German institute calls for localized food production to help reduce CO2 emissions

Around 35 percent of urban residents across the world could be nourished by utilizing local land resources, according to a study published by the German Potsdam Institute for Climate Impact Research (PIK).

The researchers noted that agricultural goods were “transported all around the globe across all distances” to provide urban citizens with nourishment.

“Already, this comes with an enormous ‘food-print’ and we know that a growing world population not only means growing urban infrastructures but also growing resource consumption and greenhouse gas emissions,” noted the study’s co-author, Prajal Pradhan.

The researchers identified urban growth as the factor that would have “the strongest impact on future urban food demand”, followed by dietary changes.

“A large number of urban residents in many parts of the world could be nourished by local agriculture,” said the study.

On a global scale, the researchers noted that the local food production situation was quite diverse as regions like southern Asia could benefit a lot from local agricultural production.

“Of course, feeding our cities by local agriculture is not a switch we could simply flip, and self-sufficient cities would not be able to just duplicate what is on our plates today,” cautioned the study’s lead author, Steffen Kriewald.

Nonetheless, while regional agriculture could not produce “all foods on our menu in a globalized food world”, nutrition requirements could be met in many parts of the world, Kriewald said.

Optimized local production could decrease emissions from food transport by a factor of ten, which could reduce global carbon dioxide (CO2) emissions by 4 percent, according to Juergen Kropp, the study’s co-author and deputy chair of PIK’s Climate Resilience Research Department.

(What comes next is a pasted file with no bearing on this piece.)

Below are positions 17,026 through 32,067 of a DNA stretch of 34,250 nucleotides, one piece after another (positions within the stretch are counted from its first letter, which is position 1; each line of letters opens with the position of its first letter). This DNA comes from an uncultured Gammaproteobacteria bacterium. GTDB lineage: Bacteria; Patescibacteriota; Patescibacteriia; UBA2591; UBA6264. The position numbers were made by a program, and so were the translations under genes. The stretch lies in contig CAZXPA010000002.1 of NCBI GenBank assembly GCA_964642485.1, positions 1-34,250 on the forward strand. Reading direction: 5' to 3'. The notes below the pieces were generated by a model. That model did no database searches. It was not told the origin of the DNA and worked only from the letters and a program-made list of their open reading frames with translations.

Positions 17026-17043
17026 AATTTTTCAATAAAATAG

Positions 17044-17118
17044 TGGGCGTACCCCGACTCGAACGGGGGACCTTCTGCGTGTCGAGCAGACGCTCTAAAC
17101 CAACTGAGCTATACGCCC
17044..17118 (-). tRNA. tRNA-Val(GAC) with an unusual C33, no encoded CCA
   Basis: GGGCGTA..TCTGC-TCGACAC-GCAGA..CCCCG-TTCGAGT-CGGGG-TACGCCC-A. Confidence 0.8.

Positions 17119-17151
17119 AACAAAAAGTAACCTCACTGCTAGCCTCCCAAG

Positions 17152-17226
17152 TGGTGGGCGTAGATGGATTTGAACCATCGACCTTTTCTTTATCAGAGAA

This was even “a conservative figure”, said Kropp, given that air transport had not been included in the study due to the lack of available data.

Local production would therefore “reduce the dependence on global food production chains” as well as act “as a kind of adaptation”, Kropp said.

“Growing numbers of urban, often young, people enjoy local food because they want to know how their food was produced and traded,” Germanwatch expert Reinhild Benning told Xinhua.

The Potsdam study showed that these young urbanites “are on the right track” and that there is significant “potential for climate protection and food sovereignty”, Benning said.

In their study, however, the Potsdam researchers warned that if climate change, urban population growth and lifestyle changes kept accelerating, “this could completely change the picture and take the option off the table”.

According to the most recent report from the Intergovernmental Panel on Climate Change (IPCC), the food system accounted for up to 30 percent of total global greenhouse gas emissions.

Meanwhile, 80 percent of global deforestation was attributable to the food system, mainly due to the increasing number of livestock, according to the IPCC.

“With their daily food purchases or restaurant visits, consumers have a great influence on whether agriculture will be climate-friendly, resource-saving and species-protecting,” Stephanie Toewe, agricultural expert at Greenpeace Germany, told Xinhua.

“If we continue to maintain the current food mix, we will not be able to leave our children and grandchildren with an earth that can feed the world’s growing population healthily,” Toewe warned.

Kropp concluded that “cities are at the heart of the climate problem and pivotal for sustainable future development.”